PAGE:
Featured Articles

Saturday, March 24, 2012

The Gathering Dark - Chapter 14



Rediscover Phyrexia.


Chapter 14 -The Gate to Phyrexia

Jarsyl has always been a transitional figure in most of the respected histories - born too late for the Brothers' War, born much to early for the most interesting parts of the Dark. Yet he has been a key piece of the puzzle. What is known by modern man about the legendary dread lands of Phyrexia, comes from Jarsyl's personal notes, and though there are those who dismiss his legend as a folktale or moral fable, there are those who continue to seek out his truths and attempt to find Phyrexia for themselves. When they do not return, everyone assumes that they have finally found it.

-Arkol, Argivian scholar

The journal was the original and not a copy. Lord Mairsil entrusted it to Jodah's hands and he took the task to heart.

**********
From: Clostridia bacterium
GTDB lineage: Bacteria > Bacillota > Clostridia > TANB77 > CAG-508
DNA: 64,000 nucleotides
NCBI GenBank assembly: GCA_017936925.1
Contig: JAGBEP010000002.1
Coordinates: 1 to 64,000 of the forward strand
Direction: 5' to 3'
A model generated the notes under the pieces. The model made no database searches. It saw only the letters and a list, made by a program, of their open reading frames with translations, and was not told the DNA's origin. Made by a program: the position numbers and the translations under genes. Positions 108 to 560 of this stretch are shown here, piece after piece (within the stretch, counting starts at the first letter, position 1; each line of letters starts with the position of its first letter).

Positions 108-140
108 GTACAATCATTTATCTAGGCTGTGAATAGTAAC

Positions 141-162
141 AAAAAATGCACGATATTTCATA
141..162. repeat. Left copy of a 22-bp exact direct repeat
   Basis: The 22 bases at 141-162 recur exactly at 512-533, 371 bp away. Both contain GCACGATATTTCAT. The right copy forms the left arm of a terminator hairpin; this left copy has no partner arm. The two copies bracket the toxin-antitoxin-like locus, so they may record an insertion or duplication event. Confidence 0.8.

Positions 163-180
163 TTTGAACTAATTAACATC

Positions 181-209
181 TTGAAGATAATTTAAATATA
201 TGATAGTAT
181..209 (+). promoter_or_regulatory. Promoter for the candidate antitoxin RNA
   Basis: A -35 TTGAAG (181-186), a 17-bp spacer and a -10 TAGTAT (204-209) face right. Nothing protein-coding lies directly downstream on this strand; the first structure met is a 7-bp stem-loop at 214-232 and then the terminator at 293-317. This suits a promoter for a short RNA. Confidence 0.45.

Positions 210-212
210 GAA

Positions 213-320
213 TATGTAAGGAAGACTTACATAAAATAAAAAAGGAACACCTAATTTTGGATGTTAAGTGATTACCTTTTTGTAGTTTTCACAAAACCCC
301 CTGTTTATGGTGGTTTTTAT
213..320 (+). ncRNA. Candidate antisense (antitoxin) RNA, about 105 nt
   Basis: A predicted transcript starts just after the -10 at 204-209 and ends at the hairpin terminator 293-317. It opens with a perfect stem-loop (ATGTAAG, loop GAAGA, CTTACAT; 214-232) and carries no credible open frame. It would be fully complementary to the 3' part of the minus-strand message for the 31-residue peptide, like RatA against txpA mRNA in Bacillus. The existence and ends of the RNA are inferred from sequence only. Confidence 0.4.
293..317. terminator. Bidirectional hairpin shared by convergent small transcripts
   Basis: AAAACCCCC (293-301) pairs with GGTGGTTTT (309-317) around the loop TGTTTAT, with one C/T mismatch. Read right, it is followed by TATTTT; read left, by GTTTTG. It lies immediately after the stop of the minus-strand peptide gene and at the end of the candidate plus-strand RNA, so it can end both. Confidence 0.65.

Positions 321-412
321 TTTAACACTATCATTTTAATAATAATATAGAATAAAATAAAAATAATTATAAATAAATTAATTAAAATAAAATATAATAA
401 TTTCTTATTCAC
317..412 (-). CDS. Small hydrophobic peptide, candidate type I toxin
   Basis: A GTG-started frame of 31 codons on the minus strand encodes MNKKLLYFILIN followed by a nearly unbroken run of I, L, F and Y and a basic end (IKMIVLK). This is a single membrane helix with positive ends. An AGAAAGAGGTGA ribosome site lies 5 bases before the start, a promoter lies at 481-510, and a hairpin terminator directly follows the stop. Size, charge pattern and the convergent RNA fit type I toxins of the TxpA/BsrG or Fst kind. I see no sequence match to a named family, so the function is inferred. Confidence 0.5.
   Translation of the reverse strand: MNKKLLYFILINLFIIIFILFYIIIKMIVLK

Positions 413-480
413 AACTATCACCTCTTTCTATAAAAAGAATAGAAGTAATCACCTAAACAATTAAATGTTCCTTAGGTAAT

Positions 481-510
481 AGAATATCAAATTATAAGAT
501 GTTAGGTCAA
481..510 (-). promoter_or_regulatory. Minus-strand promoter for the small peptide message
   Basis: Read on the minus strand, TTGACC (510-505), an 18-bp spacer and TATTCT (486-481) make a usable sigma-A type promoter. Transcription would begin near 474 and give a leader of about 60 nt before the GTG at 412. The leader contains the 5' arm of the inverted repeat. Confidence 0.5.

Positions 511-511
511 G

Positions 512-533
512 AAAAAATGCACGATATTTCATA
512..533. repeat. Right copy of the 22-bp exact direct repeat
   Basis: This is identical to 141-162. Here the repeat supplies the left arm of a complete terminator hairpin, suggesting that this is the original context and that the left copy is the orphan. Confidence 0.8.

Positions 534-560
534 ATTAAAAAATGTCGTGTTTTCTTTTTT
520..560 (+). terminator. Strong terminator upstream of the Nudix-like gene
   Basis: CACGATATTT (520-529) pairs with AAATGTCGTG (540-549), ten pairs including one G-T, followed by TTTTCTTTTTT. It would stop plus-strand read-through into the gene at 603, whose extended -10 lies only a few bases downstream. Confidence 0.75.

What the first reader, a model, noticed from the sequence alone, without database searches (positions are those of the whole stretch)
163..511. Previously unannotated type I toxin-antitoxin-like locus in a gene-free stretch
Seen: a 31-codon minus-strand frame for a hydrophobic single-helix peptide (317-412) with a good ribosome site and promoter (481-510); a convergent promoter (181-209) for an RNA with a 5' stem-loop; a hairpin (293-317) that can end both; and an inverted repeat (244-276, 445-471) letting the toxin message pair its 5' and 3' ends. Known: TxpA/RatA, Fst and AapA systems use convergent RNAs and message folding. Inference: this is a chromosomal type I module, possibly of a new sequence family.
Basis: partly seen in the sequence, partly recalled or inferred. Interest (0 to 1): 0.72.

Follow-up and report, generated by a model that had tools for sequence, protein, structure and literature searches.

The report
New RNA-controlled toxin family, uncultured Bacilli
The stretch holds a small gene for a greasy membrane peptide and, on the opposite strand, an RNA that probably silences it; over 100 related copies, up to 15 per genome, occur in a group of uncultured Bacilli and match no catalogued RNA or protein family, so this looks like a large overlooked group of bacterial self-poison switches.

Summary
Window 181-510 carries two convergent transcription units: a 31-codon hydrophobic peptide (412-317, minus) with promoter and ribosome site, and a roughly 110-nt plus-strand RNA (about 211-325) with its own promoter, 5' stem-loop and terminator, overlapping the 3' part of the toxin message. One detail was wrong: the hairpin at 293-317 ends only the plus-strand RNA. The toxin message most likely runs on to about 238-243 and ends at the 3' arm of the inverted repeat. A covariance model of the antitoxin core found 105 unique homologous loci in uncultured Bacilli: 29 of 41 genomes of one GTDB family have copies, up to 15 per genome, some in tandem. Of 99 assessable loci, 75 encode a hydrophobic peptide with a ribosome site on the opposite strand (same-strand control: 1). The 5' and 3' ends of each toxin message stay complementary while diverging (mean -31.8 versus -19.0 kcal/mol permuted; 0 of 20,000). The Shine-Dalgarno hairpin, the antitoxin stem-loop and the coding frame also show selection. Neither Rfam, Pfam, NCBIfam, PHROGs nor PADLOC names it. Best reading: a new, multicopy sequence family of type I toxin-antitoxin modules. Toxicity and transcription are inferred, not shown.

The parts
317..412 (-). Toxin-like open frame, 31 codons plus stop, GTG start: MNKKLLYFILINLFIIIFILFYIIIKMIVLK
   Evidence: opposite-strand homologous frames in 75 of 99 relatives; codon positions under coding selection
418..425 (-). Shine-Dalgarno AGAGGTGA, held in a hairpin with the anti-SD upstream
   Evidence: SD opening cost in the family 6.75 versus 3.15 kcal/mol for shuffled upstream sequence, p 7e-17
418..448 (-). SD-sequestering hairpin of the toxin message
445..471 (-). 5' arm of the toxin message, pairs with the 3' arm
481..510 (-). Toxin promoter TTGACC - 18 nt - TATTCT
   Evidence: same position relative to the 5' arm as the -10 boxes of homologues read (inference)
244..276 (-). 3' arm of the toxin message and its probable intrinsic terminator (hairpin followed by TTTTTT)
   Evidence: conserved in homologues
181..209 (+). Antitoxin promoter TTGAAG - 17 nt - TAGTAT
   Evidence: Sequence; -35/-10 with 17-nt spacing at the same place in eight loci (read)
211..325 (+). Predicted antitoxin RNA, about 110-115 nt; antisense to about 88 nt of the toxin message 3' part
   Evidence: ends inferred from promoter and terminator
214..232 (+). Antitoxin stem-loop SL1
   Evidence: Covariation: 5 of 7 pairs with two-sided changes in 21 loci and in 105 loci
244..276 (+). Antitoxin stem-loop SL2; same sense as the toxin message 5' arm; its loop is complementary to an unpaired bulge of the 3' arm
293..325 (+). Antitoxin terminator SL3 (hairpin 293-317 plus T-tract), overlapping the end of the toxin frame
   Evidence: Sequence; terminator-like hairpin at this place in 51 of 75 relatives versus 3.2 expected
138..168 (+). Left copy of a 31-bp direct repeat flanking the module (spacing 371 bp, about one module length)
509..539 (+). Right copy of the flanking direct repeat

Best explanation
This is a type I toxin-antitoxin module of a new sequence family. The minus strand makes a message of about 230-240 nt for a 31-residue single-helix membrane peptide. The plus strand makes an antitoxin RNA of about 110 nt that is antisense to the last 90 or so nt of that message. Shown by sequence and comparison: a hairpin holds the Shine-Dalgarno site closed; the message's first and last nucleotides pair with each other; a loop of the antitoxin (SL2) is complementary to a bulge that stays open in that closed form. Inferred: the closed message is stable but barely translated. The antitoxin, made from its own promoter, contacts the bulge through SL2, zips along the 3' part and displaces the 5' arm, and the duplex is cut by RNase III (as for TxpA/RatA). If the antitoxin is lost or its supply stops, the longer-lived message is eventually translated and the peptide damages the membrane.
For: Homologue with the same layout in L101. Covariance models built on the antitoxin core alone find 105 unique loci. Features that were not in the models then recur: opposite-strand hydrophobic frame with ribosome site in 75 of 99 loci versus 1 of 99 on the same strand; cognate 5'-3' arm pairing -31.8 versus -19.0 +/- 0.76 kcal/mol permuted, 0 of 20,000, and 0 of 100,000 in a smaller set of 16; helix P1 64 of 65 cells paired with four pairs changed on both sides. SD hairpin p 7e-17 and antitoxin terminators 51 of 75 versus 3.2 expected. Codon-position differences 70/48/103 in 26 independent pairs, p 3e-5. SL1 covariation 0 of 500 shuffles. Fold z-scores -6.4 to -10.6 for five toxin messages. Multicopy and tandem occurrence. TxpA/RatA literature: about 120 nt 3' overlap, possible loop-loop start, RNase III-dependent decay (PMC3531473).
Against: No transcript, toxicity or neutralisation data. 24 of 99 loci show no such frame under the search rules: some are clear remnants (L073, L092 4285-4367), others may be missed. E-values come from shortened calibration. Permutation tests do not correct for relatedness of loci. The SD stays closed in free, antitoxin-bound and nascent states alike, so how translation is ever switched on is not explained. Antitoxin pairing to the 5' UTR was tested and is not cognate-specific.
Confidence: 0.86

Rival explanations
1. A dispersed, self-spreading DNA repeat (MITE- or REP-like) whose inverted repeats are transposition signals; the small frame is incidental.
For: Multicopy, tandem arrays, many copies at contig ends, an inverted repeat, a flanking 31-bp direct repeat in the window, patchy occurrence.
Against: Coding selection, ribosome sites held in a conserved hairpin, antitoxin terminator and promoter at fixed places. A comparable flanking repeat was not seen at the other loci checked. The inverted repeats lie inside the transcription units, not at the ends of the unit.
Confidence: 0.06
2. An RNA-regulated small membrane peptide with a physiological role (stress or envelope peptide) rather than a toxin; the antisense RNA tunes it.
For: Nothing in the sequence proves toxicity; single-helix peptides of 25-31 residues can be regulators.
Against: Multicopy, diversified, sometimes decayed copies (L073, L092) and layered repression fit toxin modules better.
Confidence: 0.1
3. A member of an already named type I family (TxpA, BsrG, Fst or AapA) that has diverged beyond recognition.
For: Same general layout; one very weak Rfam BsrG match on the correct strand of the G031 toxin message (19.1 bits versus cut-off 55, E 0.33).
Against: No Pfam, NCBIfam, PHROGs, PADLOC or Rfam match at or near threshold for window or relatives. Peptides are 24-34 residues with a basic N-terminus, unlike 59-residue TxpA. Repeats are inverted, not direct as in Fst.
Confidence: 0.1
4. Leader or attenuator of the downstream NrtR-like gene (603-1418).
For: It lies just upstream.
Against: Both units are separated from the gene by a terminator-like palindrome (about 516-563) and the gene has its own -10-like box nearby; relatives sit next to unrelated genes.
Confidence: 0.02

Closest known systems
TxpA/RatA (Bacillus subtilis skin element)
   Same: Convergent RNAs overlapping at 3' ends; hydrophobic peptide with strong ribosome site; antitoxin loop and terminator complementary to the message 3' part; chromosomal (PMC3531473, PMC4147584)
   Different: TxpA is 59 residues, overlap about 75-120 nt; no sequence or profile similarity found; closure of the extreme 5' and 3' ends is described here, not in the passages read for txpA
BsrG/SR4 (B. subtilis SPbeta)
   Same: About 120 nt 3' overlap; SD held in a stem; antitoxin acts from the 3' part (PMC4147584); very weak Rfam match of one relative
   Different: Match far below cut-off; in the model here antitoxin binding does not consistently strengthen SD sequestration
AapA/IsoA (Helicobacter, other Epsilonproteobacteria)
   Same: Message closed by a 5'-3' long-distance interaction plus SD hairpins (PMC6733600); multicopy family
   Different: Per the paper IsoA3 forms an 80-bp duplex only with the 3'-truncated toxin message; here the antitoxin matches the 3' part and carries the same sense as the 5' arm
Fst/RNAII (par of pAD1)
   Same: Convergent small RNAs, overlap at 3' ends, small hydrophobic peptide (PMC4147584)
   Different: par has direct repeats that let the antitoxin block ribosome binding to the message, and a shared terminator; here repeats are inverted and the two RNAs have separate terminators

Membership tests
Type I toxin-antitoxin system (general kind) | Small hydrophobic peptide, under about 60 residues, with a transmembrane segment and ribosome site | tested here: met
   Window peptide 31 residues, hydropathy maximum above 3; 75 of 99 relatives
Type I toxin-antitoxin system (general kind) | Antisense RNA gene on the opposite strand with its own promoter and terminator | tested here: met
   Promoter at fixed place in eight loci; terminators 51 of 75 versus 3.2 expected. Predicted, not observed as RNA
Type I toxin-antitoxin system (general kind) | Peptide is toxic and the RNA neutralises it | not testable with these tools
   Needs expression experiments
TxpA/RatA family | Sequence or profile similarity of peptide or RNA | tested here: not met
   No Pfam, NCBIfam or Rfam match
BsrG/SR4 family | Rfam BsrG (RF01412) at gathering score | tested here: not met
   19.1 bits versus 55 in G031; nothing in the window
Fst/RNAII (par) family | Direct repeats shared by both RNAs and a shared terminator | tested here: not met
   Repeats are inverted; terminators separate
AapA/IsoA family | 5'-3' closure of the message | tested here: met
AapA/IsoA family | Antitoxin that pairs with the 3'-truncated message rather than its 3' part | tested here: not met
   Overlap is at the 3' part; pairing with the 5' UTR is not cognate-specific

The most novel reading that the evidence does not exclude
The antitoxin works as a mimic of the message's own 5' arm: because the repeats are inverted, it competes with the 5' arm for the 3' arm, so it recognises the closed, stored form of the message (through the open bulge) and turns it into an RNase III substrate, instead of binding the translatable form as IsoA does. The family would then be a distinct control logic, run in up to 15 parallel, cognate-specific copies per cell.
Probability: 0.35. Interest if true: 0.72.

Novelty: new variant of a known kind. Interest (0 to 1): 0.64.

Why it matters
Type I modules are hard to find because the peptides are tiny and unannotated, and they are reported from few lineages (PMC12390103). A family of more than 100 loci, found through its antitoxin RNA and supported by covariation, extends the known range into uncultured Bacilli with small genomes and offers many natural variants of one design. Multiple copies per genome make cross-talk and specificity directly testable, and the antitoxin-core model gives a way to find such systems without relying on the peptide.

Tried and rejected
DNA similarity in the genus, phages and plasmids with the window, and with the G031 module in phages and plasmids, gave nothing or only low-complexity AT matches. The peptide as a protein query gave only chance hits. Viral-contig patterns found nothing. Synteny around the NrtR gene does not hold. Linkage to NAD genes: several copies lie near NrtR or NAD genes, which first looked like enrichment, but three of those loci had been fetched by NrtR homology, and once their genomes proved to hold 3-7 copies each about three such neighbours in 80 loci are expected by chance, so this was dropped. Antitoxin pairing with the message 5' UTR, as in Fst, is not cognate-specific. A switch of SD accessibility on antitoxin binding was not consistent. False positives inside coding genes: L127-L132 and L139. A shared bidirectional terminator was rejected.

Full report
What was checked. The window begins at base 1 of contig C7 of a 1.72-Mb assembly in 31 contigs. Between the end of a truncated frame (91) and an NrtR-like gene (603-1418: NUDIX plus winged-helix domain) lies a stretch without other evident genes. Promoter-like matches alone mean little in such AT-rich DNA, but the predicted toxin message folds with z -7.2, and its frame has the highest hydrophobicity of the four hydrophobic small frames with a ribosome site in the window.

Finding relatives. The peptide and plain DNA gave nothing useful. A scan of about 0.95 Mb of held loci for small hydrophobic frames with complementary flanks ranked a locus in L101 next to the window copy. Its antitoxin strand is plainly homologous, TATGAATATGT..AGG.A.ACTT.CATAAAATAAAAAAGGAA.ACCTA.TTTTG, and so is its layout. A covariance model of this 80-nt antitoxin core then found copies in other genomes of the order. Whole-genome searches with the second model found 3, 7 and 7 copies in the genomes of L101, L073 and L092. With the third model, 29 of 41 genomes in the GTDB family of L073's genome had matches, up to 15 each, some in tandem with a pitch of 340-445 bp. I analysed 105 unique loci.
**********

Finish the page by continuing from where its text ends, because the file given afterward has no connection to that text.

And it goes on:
The journal was crammed with information - very little of it useful from a magical approach. It was written at the manor - of that much Jodah was certain. The text was an odd mix of magical theory and local gossip, of daily affairs and deep thought. A note of the purchase of several geese was right next to a long column of numbers, their purpose unknown. A drawing of weights and balances, of the placement of mirrors and lenses, was interrupted by a remembrance of Jarsyl's visit to his own grandmother's funeral pyre. There was a detailed proof, with no preamble, that continued for a page and a half and finished with the conclusion, "Of course it works!" written in a florid hand, but there was no indication of what it was he was trying to prove in the first place.

Lord Mairsil asks for daily reports on his findings. At first, Jodah writes a very dry report that he throws away because he realizes it's the kind of report that anyone could have written after reading through the journal. This task was given to him specifically because of his connection to the subject matter, so he injects the report with personal insights and adds details from his memory about his home and the surroundings mentioned in the journal.